[Eds. note: This post discusses God’s intentions when we are facing failure and heartaches, and how we should respond.]
I have heard a good anecdote about a boy who “enjoyed” eating the candy that made his teeth rot, and he was “hurt” by the dentist who repaired his teeth.
Such is the human experience.
In addition to the pain of the experience, these trials are more difficult to endure because we have all seen God bring love, blessings and miracles to so many people around us. We are impatient and resistant under hardship, and we naturally want to bypass the suffering and obtain the blessing. Such a reaction is typical for the human nature, especially in those who don’t understand what God intends to accomplish in them, and who think it impertinent to ask God for such understanding. (But actually, it is more impertinent NOT to ask!)
I once argued with a Pastor about this. I kept telling him that there was something about my relationship with God that was necessary for me to understand, but I couldn’t figure it out. He always got irritated whenever I brought this up this question, and he maintained that if you could understand all that God was doing, then it wouldn’t be faith.
He also remarked that he was confused about why I could not feel God’s love. Looking back, I know that if I had been more familiar with experiencing love and acceptance in my life, then the silence of God would have been easier to understand and endure.
I didn’t know it at the time, but what I meant to ask my Pastor was, “How is the process of redemption and sanctification typically manifested in the life of the believer?” I naturally received a lot of resistance, because this is a question that tests the mettle of any person who claims to be an authority of theology, and of course, most people, including Pastors, are annoyed at being “challenged” by a novice. I presented this question to a lot of Pastors, and I think many of them simply pretended not to understand what I was really asking. (I say this because if they truly did not understand my question, then they were not very spiritually “in-tune” Pastors.) So as a result, my crucible lasted another ten years.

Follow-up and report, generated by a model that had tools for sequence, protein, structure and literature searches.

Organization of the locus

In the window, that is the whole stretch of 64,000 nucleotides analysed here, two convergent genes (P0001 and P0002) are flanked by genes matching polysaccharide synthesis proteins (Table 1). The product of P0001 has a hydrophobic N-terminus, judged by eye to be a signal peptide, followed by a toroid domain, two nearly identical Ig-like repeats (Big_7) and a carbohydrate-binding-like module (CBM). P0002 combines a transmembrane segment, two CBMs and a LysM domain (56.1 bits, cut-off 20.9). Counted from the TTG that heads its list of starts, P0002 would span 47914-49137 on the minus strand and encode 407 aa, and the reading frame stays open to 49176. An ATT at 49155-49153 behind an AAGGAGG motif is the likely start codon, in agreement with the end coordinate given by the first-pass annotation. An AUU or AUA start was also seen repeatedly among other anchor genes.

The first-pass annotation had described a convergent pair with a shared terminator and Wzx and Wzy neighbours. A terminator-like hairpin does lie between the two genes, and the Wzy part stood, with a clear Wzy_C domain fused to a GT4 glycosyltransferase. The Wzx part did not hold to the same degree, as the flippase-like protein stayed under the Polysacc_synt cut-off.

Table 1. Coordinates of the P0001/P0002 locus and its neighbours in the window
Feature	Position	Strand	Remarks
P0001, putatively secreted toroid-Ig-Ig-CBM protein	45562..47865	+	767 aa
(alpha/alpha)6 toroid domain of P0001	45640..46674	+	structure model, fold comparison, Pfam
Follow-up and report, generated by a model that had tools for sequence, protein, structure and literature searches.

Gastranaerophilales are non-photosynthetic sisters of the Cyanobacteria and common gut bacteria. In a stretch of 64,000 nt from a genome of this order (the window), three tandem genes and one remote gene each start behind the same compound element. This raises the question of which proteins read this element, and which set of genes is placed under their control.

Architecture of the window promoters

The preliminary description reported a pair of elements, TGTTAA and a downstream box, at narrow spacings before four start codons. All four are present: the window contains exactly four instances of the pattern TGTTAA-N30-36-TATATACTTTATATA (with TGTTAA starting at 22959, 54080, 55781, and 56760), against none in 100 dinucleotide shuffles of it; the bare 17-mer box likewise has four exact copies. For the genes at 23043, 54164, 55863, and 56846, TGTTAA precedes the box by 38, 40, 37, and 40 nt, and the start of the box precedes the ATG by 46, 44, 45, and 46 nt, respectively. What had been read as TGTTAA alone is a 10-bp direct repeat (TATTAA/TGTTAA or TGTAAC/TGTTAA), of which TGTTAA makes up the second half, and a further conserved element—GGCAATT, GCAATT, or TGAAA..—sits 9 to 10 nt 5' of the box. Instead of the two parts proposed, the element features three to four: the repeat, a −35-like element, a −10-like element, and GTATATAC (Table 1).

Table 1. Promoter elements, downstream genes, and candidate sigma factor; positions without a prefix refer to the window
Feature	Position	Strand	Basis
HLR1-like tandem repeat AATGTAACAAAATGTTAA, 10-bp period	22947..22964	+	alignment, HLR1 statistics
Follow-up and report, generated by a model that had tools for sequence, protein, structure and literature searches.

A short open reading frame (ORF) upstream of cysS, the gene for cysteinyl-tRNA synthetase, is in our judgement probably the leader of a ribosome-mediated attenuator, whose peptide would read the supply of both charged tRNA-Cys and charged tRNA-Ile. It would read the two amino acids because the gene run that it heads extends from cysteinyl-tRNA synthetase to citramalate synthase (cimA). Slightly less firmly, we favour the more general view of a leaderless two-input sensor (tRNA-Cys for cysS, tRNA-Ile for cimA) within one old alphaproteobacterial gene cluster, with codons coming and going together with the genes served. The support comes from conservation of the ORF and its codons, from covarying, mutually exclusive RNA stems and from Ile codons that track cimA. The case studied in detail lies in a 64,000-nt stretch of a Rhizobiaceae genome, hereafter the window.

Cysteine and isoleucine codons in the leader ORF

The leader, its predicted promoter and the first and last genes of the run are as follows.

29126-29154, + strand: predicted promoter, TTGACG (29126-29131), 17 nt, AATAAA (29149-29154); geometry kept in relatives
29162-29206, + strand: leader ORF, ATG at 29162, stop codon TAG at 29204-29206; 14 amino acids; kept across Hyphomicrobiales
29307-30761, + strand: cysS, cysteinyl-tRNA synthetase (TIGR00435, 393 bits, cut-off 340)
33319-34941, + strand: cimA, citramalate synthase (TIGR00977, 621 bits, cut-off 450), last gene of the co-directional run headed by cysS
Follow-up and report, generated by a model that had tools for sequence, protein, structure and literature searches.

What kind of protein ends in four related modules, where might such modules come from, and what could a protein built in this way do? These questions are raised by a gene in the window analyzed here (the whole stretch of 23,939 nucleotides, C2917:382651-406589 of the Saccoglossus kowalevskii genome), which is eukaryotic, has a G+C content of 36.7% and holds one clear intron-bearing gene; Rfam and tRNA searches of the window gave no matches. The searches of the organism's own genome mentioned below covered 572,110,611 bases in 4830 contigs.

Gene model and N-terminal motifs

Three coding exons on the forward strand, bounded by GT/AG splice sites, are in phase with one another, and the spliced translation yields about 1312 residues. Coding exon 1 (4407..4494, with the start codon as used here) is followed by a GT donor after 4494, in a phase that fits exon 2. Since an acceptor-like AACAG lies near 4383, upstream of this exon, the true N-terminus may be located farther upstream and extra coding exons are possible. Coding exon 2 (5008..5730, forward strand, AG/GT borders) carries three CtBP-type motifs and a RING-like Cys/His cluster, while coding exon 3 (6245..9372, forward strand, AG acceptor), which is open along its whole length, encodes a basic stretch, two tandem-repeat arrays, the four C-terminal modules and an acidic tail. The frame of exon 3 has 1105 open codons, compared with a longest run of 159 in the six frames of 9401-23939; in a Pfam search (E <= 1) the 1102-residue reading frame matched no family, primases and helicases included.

The crucial point that I needed to understand, was God’s purpose of recreating the death and resurrection of Jesus Christ in the Believers life, and some specific points about how that purpose might be manifested in the life of the individual believer.
That Pastor never helped me resolve this issue in my life, but many years later, from the Biblical examples of Job, Jonah and Lazarus, and especially through hearing the testimonies of other Christians, I began to experience a renewal.
There are (at least) five Biblical examples of men who experienced a type of spiritual death and resurrection.
- Moses (Exodus 2-4)
- Job (Job 1-42; James 5:10-11)
- Jonah (Jonah 1-2; Matthew 12:39-41)
- Lazarus (John 11:1-44)
- Jesus (Matthew 24:1-2, Matthew 27-28; Mark 15-16; Luke 22:47 – 24:43; John 18-21)
To someone who is currently experiencing the silence of God, all of these scripture verses deserve a thorough study. But here I will discuss the story of Lazarus in detail, and Jonah in passing.
St. John reports that Jesus received word that Lazarus was sick and nearing death, but He delayed going to see Lazarus until after he died. In other words, Jesus failed to respond in a timely manner. He was “silent”. (It is noteworthy to add here that Jesus was also silent at his own trial, just before his crucifixion.)
All the way through Lazarus’s final sickness and death, neither Lazarus, nor his sisters, Mary and Martha, received any response from the One who said He loved them. After Lazarus died, Mary and Martha went through the funeral process, preparing his body, putting him in the grave, and covering it with a stone. They experienced the emotional pain and mourning of losing a loved one. Still, God’s silence continued.
Finally, Jesus said to His disciples, “Let us go to him.” But by the time Jesus arrived, Lazarus had been dead four days and Martha said he must be stinking by then.
Martha said to Jesus, “Lord, if you had been here, my brother Lazarus would not have died” (John 11:32). It is noteworthy that Lazarus, Mary and Martha fully believed in the miraculous powers of Jesus. They knew that Jesus could have healed Lazarus, because they saw Him heal people many times before.
Upon reading this, I felt like I could identify with Lazarus. I know that many people hope and pray for the power of God, love, security, happiness, contentment, financial blessings, etc. to come into their lives. But remarkably, God does nothing as their condition plummets.
Some people might call it faithlessness to “question God”, but I think it is reasonable to ask “Why?”, at this point, knowing that God holds us accountable for our lives, but is then unwilling to aid us through every juncture, and as a result, we experience catastrophe. (In other words, I believe that “trusting God” is an autonomous function of humanity, not an automatic one.)